but should hatred be spit at me over that mistake?

2. The statement fails to concretely acknowledge that the choice of venue was inappropriate and offensive. By using words like “if” and “maybe” and leaving the judgment to the community, Ani avoids taking responsibility for her mistake.

i have heard the feedback that it is not my place to go to former plantations and initiate such a dialogue.

again, maybe we should indeed have drawn a line in this case and said nottoway plantation is not a good place to go; maybe we should have vetted the place more thoroughly.

if nottoway is simply not an acceptable place for me to go and try to do my work in the eyes of many, then let me just concede before more divisive words are spilled.

She says that she is canceling the retreat, not because she realized that it was a mistake to plan it at the venue, but other people are being mean to her.

3. Ani claims that she had “imagined a dialogue would emerge organically over the four days about the issue of where we were,” but it is extremely difficult to believe this, given her initial “invitation” to the retreat stated “We will be shacked up at the historic Nottoway Plantation and Resort in White Castle, LA, for 3 days and 4 nights exchanging ideas, making music, and otherwise getting suntans in the light of each other’s company. […] In the evenings we will perform for each other and enjoy great food in a captivating setting.” Really, how am I supposed to believe that the event was meant to be anti-racist? Ani wrote:

i imagined instead that the setting would become a participant in the event. this was doubtless to be a gathering of progressive and engaged people, so i imagined a dialogue would emerge organically over the four days about the issue of where we were. […] my intention of going ahead with the conference at the nottoway plantation was not to be a part of a great forgetting but it’s opposite. i know that pain is stored in places where great social ills have occurred. i believe that people must go to those places with awareness and with compassionate energy and meditate on what has happened and absorb some of the reverberating pain with their attention and their awareness. i believe that compassionate energy is transformative and necessary for healing the wounds of history.

If this was her true intention, she should have been transparent about it in the original “invitation,” and also considered how the venue would be experienced entirely differently by participants who are white, Black, indigenous, or other people of color. I personally cannot imagine that a white person working solo is capable of arranging such an event, but that’s beside the point here. I am not really convinced that Ani had in fact intended to use the venue as a place to “heal the wounds of history,” but if she really did, she did the worst job imaginable of how one could go about doing that–and the issue is not (just) that she is a white person overstepping her boundary. She is claiming to “heal” wounds of historical violence with more violence.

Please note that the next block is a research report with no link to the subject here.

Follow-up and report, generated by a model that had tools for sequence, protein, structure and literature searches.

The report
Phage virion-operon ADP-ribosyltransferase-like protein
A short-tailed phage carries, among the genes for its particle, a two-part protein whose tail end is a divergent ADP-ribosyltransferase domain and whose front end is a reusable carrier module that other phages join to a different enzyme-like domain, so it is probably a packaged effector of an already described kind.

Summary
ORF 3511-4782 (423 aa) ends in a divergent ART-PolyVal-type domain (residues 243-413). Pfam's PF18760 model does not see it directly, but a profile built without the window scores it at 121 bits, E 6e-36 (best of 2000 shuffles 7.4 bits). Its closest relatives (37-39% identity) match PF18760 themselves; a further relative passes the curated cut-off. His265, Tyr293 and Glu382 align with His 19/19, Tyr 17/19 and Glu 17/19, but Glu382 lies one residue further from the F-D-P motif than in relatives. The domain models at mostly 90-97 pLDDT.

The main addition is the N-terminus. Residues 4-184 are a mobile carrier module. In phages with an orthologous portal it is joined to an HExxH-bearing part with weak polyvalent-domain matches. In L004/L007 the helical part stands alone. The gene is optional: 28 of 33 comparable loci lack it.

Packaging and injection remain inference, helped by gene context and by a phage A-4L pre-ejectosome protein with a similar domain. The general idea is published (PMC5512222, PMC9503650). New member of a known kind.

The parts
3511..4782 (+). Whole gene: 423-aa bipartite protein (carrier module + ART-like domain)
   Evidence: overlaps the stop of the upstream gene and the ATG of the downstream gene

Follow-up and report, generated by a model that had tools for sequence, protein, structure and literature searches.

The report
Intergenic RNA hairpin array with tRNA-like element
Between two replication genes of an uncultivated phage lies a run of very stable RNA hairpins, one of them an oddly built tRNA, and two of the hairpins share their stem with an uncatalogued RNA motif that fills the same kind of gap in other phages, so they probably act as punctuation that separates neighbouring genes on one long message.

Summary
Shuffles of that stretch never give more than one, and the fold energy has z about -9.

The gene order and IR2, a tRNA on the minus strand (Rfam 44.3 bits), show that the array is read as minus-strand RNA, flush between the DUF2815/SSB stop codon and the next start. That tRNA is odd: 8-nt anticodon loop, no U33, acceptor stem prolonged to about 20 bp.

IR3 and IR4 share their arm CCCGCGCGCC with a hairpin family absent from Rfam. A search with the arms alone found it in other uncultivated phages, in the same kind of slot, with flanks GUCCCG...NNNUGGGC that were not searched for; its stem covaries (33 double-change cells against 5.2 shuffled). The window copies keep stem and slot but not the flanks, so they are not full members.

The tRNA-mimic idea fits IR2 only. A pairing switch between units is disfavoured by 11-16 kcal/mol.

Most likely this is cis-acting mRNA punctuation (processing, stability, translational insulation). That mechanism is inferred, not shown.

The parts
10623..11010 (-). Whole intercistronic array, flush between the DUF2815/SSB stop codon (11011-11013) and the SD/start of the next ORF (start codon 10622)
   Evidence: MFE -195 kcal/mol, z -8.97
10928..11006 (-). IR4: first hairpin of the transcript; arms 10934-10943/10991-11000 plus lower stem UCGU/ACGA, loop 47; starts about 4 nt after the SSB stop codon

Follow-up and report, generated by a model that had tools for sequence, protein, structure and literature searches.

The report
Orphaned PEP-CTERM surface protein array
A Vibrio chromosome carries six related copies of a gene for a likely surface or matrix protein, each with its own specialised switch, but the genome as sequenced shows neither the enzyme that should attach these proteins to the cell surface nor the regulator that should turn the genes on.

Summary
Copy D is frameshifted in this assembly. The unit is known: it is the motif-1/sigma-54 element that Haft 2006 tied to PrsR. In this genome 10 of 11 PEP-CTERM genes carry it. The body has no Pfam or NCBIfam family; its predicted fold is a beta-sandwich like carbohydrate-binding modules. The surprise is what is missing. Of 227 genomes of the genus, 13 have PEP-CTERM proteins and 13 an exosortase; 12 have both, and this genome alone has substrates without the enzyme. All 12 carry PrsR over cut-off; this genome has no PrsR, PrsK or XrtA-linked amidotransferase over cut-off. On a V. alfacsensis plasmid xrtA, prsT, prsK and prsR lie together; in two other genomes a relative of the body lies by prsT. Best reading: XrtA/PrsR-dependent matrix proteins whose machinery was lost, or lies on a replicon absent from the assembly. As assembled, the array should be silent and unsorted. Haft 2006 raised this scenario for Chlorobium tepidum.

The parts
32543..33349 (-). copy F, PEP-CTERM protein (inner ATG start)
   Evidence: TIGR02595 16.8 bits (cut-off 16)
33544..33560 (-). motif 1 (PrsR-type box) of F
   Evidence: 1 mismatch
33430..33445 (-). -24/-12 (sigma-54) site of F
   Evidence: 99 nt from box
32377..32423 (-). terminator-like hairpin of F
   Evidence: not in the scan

4. The statement invokes superficially anti-oppression rhetoric to diminish the particularities of criticisms against holding the retreat at Nottoway Plantation.

for myself, i believe that one cannot draw a line around the nottoway plantation and say “racism reached it’s depths of wrongness here” and then point to the other side of that line and say “but not here”. […] i know that indeed our whole country has had a history of invasion, oppression and exploitation as part of it’s very fabric of power and wealth. […] it is a very imperfect world we live in and i, like everyone else, am just trying to do my best to negotiate it.

let us not forget that the history of slavery and exploitation is at the foundation of much of our infrastructure in this country, not just at old plantation sites. let us not oversimplify to black and white a society that contains many many shades of grey.

Ani is of course correct to point out that every inch of this land (the United States) is a site of genocidal violence. But Nottoway is not just any site of any sort of violence; as one of the largest plantations in the United States, it is specifically a site that symbolizes the violence of slavery. And in addition to being a place with the symbolic significance, it is an institution whose owner continues to profit off of romanticizing and glamorizing the enslavement of Black people.

5. The statement objectifies youth of color as shield and source of inspiration.

i also planned to take the whole group on a field trip to Roots of Music, a free music school for underprivileged kids in New Orleans. Roots of Music is located at the Cabildo, a building in the French Quarter which was the seat of the former slaveholder government where all the laws of the slave state were first written and enacted. i believe that the existence of Roots of Music in this building is transcendent and it would have been a very inspiring place to visit. i also believe that Roots could have gained a few new supporters. in short, i think many positive and life-affirming connections would have been made at this conference, in its all of its complexity of design.